If you're still there and wondering 'what the..' ( or not as the case may be), allow me to explain.
In essence, this was a public information film ( or PIF), and most developed countries still make them via a government funded department. They're produced in order to make the population acutely aware of sociological dangers that are of far greater importance and relevance at the time, than anything else. It's rather like having a stern yet media enriched mini-lecture, between episodes of your favourite show.
This particular short film was made at the peak of the 1970's U.K. COI activity, and was part of a series on road safety messages. Apart from a few continuity issues here and there, and some trully magnificent (cough) early 70's styling on all the incumbents, it hits the message home with an ominous, authoritative voiceover and a generous helping of hyperbole.
Which is exactly what the next link is all about :-
This awesome dissection of internet hyperbole will make you cry and change your life
Charlie Brooker is brilliant. I daren't use any other adjective, for risk of falling into the same trap as what he's described in the article.
Actually..why not? I mean we all do it, wether knowingly or unknowingly. So to recap then, this is a trully magnificent piece of writing, and really hits all the high notes, as far as I can see, hear and smell.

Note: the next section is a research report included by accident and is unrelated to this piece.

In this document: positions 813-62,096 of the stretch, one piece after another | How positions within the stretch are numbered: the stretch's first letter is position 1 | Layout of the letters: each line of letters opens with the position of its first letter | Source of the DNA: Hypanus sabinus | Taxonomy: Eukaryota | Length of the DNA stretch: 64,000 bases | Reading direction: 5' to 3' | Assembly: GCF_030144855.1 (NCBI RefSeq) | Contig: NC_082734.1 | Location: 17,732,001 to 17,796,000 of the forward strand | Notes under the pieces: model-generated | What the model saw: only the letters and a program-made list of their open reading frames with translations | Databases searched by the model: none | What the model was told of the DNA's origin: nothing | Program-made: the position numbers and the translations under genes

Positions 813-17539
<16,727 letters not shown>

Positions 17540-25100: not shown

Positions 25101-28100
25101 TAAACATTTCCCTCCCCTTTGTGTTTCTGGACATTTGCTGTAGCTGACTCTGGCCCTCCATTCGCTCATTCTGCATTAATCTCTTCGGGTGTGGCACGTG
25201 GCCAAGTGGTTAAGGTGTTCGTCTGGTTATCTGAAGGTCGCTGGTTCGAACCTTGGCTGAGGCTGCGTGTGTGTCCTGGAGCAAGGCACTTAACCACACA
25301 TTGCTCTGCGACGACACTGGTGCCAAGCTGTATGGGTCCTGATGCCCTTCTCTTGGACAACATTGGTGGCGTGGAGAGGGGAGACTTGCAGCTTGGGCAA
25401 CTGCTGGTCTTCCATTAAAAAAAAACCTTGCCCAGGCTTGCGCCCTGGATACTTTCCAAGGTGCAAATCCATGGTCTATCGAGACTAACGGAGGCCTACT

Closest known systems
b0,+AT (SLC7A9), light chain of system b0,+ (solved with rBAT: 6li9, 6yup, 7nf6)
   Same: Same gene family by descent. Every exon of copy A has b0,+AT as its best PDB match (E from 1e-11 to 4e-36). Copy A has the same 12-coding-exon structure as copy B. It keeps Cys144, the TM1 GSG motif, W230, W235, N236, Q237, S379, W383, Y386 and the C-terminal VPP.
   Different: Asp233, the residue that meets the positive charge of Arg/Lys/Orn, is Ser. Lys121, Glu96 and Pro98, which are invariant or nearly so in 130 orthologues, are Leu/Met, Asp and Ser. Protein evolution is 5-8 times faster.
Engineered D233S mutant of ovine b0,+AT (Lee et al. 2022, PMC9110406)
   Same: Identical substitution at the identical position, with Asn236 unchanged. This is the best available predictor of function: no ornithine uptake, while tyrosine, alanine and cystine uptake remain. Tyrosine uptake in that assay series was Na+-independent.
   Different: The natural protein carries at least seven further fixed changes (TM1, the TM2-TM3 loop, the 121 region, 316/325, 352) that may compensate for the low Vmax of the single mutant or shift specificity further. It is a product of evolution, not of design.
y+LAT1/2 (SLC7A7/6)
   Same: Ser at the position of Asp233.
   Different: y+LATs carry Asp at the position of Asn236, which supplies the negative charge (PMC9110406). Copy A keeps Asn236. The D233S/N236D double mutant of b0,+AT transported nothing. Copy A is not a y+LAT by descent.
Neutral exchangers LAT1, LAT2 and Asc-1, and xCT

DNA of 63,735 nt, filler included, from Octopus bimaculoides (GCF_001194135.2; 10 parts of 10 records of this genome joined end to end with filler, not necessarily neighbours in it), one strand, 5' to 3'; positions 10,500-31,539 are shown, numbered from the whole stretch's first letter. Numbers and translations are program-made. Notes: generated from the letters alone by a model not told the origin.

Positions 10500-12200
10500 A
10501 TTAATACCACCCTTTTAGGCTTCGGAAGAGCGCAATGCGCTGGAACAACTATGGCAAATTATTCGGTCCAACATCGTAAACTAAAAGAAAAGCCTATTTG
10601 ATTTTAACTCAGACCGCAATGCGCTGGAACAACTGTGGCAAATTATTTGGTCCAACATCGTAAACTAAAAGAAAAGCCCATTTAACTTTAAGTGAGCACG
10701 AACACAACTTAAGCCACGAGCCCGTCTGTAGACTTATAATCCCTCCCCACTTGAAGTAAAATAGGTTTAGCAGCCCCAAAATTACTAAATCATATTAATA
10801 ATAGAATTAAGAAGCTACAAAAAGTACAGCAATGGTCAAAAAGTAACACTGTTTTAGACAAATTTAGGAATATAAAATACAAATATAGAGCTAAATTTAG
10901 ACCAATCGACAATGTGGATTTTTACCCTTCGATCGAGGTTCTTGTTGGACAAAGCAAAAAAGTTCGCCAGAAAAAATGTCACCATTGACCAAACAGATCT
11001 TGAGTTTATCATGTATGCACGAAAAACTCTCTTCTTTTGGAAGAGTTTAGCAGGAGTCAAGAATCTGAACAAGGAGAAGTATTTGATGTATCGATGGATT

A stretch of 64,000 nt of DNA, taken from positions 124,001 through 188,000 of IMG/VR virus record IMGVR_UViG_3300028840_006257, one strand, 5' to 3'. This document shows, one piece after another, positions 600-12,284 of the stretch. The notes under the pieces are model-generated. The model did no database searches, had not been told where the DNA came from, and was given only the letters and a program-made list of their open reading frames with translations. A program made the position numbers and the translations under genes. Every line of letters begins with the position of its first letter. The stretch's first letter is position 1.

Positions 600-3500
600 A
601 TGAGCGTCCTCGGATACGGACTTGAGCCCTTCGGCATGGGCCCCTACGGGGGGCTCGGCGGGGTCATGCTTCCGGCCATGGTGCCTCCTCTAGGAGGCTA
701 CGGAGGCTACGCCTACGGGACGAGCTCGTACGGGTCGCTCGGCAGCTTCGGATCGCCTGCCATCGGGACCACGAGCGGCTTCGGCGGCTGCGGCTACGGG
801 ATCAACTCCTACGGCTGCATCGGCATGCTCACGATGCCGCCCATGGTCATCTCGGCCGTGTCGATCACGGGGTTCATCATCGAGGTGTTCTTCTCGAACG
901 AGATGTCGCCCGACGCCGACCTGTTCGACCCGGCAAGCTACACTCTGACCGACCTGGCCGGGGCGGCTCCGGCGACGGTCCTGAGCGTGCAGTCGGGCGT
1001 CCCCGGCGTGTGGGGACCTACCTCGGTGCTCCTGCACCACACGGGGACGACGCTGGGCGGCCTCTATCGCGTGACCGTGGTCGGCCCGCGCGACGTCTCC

More seriously though ( but without the gravelly, perfectly clipped and shaped, RADA infused voiceover in the aofrementioned PIF) ), hyperbole has become a part and parcel of regular social media useage. I'm guilty of it, and can only hope I'm not as guilty as the next human being, because that would make me feel a lot better for occasionally succumbing to it.
And effectively, there's only so much 'super-hyper-talk' you can give or take online. Which explains why I'm using social media less than I used to. Or at least I hope I am.
Maybe I'm just switching allegiances away from one platform to another, because it allows me to talk endlessly about things like this, and be noticed for my wisdom, wit and brilliance.
Or an attempt at the aforementioned.
And now it's time for a late breakfast.
There's a wonderful, exciting, superbly rich, tantalising and mouthwateringly aromatic cornucopia of eggs and bacon, with beans, being cooked in a spectacularly impromptu fashion. And there's a glistening portion of mushrooms to accompany it, on the side. Sheer perfection on a plate.
But hold the fried bread.. I'm on a diet.
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